U.S. Deficit Spending is Institutionalized Generational Slavery


“We have now sunk to a depth at which restatement of the obvious is the first duty of intelligent men.” George Orwell

One generation is born into debt slavery, continue the same reckless spending practices of their forebears, and effectively enslaves the next generation–in this perverse, self-perpetuating chain of injustice. Let the clownish academic economists and other establishment “experts” prattle on about why the U.S. fiscal/monetary situation is economically feasible; none of their lecturing can alter the reality that no nation, no company, no household has ever made a sustainable practice of continually spending in excess of revenue.

Yet this is precisely what the U.S. government has done for close to half a century. Each year since 1969, Congress has spent more money than its income. Once new spending is introduced, it can be virtually impossible to ever curtail these expenditures. Wasteful bureaucracies are created or expanded to administer & manage each new spending initiative, which further exacerbates the whole unholy cycle. Elected leaders lack the political courage & will to cut programs when it means putting large numbers of people directly out of the job. They dare not risk the political capital it would cost them to scale back entitlement programs currently benefiting many of their constituents. Apparently it’s difficult to get elected by promising to take things away; sadly, we get the government we deserve.

A willingness to make the hard, even unpopular, decisions when it comes to contracting the size & scope of gov’t–this is the most important quality an elected official can have, moving forward. It’s the first criterion by which to gauge a potential candidate’s fitness for leadership, in this late hour. We must be the generation that reverses the trend of deficit spending, because the future livelihood of this once-great nation hangs in the balance (and most of us don’t really have any place else to go).

Referring back to a previous post, to the extent that responsible leaders find themselves having to defend their positions re: downsizing gov’t, I think they can get the moral (and rhetorical) upper-hand by advancing something like the following narrative:

“I question your moral compass if you think it’s ethical for us to take on spending with no real intention (or hope) of repaying what we’ve borrowed, knowing full well that these debts will be transferred to our own flesh-and-blood, for them to deal with after we’re gone.”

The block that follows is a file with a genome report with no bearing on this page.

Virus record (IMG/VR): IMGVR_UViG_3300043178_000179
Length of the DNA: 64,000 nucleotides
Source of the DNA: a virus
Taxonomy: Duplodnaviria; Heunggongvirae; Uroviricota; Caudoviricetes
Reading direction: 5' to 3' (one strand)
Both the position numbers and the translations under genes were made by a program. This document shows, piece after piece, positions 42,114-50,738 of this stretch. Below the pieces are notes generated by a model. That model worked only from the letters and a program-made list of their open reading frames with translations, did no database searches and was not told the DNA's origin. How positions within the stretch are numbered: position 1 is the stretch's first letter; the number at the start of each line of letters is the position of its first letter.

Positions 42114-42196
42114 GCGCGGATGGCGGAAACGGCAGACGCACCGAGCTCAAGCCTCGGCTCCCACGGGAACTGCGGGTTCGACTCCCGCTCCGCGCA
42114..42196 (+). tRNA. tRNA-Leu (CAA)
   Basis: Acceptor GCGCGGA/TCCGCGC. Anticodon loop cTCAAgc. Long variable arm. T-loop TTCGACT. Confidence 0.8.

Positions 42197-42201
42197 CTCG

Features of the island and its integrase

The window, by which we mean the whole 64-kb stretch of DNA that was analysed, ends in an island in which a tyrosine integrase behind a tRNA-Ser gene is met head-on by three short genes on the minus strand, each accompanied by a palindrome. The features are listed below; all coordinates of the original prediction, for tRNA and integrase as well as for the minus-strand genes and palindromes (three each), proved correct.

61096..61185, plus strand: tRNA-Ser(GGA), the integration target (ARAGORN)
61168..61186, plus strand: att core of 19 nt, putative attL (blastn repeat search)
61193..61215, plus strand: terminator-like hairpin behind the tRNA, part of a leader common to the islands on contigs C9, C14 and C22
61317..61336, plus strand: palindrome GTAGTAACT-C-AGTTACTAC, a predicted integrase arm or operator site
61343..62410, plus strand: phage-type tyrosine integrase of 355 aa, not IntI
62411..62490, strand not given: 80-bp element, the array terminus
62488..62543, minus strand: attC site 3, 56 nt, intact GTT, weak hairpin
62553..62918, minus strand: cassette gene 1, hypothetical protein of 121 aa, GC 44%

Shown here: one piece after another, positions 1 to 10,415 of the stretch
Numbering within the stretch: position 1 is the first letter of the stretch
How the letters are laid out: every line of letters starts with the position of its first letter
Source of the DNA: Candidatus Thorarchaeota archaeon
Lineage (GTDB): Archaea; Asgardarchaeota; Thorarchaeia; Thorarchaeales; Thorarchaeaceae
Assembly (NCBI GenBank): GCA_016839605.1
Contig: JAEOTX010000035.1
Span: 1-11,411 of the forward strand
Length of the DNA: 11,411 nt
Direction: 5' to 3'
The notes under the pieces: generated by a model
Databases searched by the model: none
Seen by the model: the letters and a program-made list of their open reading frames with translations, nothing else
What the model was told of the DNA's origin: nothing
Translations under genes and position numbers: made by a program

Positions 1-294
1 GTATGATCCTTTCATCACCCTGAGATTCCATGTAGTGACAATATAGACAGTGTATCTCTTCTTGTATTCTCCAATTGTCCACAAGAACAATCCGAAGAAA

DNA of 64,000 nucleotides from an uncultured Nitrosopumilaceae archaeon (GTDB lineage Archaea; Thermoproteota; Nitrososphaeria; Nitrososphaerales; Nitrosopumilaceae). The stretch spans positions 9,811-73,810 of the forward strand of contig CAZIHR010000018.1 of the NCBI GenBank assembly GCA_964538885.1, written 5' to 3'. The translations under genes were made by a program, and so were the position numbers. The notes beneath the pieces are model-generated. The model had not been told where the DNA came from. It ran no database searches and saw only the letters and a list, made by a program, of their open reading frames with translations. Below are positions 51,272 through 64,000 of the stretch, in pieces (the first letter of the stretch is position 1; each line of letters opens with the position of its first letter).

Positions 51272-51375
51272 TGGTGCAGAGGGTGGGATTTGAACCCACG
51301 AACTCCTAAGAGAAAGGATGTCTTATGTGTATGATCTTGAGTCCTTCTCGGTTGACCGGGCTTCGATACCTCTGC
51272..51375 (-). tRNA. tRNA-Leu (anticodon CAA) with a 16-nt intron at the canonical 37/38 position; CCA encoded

True, we found ourselves in the same position that we risk putting our descendants in, with the debt passed on to us by our forebears–that doesn’t mean we’re free from any moral obligation not to do the same. If someone’s molested, it doesn’t grant them license to later go and molest other innocent people. Extending this analogy: suppose someone who is molested then goes on to molest as a result of having been molested. But suppose he or she didn’t find new innocent victims to molest, and instead only went back and molested the same person they were previously molested by…we could call it morally just, since the former wronger is now the one being wronged. Note the cyclical way in which the two wrongs cancel each other out, in terms of the overall amount of moral injustice they introduce into the world–one adds more injustice, but then the other “completes” it, cancelling it out and restoring a neutral state in the “moral equilibrium” of the universe.

Now contrast this ‘cyclical’ manner in which moral injustices can function, with the moral injustice introduced when deficit spending results in burdening subsequent generations with one’s own financial burdens. In the latter case, we see a linear, perverse, self-perpetuating spread of moral wrongdoing. Each generation further enslaves the next, similar to the molestation victim going on to molest only other innocent victims (who do the same, ad nauseam).

So again, we must be the generation that breaks that pattern. We’re too late to right this ship painlessly, but every day we continue to sweep the problem under the rug & pretend it doesn’t exist, is another day spent inflating a bubble that must inevitably burst. At stake is only the future of the greatest civilization in known history, and the only home many of us have ever known.


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